Uglies by Scott Westerfeld

Uglies by Scott Westerfeld.

Ever since my parents got me an iPad mini for Christmas I have been reading more and more books on my iPad, so when I saw that Uglies was £1.99 in the iBooks store I simply couldn’t resist buying it, despite the large amount of books on my to-read list.

I have a small obsession when it comes to dystopian novels. Currently, I have read all sorts of dystopian novels from the likes of the classic 1984 to the Hunger Games and the Selection series. However all the dystopian societies the one I’m most afraid of becoming a reality is the Uglies society.

Unlike the Hunger Games where the Capitol hosts an annual Hunger Games where kids are forced to kill each other. In this series society is dominated by how you look and everyone is brainwashed into thinking their ugly until they turn sixteen and have an operation to make them look pretty. For me, this reality is scarier than the Hunger Games universe purely because people are already having operations to make them look ‘pretty’ now, so who knows how far people will go to look pretty in the future…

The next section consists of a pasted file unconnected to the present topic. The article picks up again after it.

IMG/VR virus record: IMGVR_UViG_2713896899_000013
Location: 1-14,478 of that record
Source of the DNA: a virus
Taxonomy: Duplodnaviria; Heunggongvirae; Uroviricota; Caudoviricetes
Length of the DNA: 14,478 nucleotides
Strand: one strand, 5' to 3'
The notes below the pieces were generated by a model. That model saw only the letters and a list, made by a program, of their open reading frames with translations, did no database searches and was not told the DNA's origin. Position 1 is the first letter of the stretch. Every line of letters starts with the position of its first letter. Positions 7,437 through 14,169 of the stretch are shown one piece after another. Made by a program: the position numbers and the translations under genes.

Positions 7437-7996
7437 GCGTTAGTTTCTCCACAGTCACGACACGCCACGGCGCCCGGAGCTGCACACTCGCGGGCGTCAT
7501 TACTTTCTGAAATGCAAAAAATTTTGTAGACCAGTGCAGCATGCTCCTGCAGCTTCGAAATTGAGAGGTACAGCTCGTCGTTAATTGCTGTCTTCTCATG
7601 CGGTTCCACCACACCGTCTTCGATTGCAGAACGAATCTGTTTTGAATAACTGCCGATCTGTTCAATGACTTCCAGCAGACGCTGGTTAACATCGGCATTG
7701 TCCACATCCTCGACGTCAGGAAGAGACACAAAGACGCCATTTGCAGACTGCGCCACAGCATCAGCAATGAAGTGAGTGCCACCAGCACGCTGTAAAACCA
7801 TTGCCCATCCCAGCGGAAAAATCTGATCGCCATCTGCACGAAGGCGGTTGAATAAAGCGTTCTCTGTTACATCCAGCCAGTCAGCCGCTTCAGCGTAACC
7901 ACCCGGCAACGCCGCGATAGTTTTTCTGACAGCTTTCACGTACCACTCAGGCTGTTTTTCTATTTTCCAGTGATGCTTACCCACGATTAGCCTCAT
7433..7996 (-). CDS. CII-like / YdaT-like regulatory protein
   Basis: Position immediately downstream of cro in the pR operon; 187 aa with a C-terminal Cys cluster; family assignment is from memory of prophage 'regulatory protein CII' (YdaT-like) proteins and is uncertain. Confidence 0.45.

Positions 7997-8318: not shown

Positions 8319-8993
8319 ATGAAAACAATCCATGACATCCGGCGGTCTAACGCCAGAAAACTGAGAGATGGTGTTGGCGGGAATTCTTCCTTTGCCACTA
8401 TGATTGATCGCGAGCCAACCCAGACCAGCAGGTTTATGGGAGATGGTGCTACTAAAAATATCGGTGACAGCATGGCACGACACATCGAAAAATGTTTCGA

The main protagonist is fifteen soon to be sixteen year old Tally Youngblood, who is eagerly awaiting her sixteenth birthday when she can become a ‘pretty’. I enjoyed the plot but one thing that I didn’t enjoy was the insta-love between Tally and David. It was way too sudden for my liking, especially when David wanted to tell Tally everything despite not knowing anything about her…
This novel is a typical dystopian novel, it features a sixteen year old female protagonist who discovers that the society she lives in isn’t all it’s cracked up to be. However if you like dystopian novels and the common features don’t annoy you too much then you’ll like this book.

One good thing about this book was the character development Tally went through throughout the book. In the beginning of the book I disliked Tally because like everyone else in society she is brainwashed into thinking she’s ugly. However throughout the novel during her journey she starts forming her own opinions which make her more likeable as a character.

Overall I would give this novel 4/5 it had a lot of good aspects but I felt this book was letdown by the insta-love between Tally and David (although thankfully it wasn’t as bad as the Jewel). I would’ve preferred it if Tally and David remained friends in this novel before starting a relationship…

Also, can I have my own hover board please?

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